Last month a Seattle woman said that a drone made her nervous because it was flying outside of her window. Early media reports called the device a flying “Peeping Tom.” Soon afterwards, national reports exploded with more than one hundred stories, focused mostly on the news media’s construction of a privacy violation. Now, the photograph of the flight has been provided to Forbes, and it shows that the company flying the drone was merely making a panoramic photograph of the city skyline. The arc of this story — a buzzworthy first report, that later ends up being false— is emblematic of many drone related stories which threaten to jeopardize the nascent industry.
Many innovators developing drone technology are frustrated by the FAA’s backwards regulations which privilege the use of drones for fun (for example acrobatic flights over a farm), but prohibit the use of drones for business (for example level flights to photograph a farmers crops).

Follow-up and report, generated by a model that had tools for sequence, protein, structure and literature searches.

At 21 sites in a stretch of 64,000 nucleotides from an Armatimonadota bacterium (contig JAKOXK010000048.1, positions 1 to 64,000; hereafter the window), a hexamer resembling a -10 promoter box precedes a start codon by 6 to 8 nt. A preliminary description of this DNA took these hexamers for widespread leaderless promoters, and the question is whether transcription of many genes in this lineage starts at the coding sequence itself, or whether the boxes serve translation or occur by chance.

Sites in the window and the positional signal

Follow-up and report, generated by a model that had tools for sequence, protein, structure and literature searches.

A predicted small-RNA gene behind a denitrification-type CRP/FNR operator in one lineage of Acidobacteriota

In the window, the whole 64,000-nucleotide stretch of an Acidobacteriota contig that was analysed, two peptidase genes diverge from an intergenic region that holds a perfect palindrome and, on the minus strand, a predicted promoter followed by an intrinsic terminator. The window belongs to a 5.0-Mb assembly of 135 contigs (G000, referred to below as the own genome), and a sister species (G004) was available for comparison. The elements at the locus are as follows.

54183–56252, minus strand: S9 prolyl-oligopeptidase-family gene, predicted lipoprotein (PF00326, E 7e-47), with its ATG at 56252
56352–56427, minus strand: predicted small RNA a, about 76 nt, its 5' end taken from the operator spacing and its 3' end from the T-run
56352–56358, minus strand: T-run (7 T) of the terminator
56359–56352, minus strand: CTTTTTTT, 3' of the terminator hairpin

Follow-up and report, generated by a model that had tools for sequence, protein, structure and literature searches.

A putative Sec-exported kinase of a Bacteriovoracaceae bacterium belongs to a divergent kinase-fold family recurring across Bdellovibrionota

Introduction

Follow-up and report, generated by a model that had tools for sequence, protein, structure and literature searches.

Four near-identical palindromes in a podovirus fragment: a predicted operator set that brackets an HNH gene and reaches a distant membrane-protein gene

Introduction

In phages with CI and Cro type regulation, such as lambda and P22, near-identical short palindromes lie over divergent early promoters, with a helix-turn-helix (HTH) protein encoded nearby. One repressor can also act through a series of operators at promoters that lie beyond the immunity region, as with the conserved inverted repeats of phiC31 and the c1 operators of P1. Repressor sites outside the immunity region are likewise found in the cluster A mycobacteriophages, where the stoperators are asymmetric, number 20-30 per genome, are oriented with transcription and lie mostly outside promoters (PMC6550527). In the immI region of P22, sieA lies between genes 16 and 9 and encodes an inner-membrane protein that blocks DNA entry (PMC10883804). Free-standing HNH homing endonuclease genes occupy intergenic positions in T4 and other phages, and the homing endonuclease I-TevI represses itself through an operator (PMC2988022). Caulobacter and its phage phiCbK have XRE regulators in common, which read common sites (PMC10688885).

While flights over populated areas may raise safety or privacy issues, flights over farms or in remote areas seem far less problematic, yet FAA regulations still prohibit them. Industry analysts are hopeful that the FAA will treat small drones, operated within the line of sight of the operator, differently than large drones that fly autonomously (like the Amazon drones). The FAA however, has already missed a series of deadlines, and has announced they may miss a Congressionally imposed deadline for crafting regulations for small drones.
The issues raised by drone related journalism are an inherently complex mixture of technology, laws, regulations and policy questions. Those issues are complicated by the fact that the placeholder term “drone” is a proxy for dozens of variations of flying devices. While the average reader may generally understand that drones refers to flying devices lacking an onboard operator, the term can mean anything from small remote controlled paper airplanes, to consumer quadcopters, to hand launched law enforcement drones, all the way up to military style Predators and Reapers and even stratospheric systems like Google’s solar powered high altitude drones. In light of this legal and technological complexity, those of us who cover drones need to do a better job of carefully evaluating first reports, and where we get it wrong we need to make sure we’re correcting the record. The success or failure of an industry may depend on it.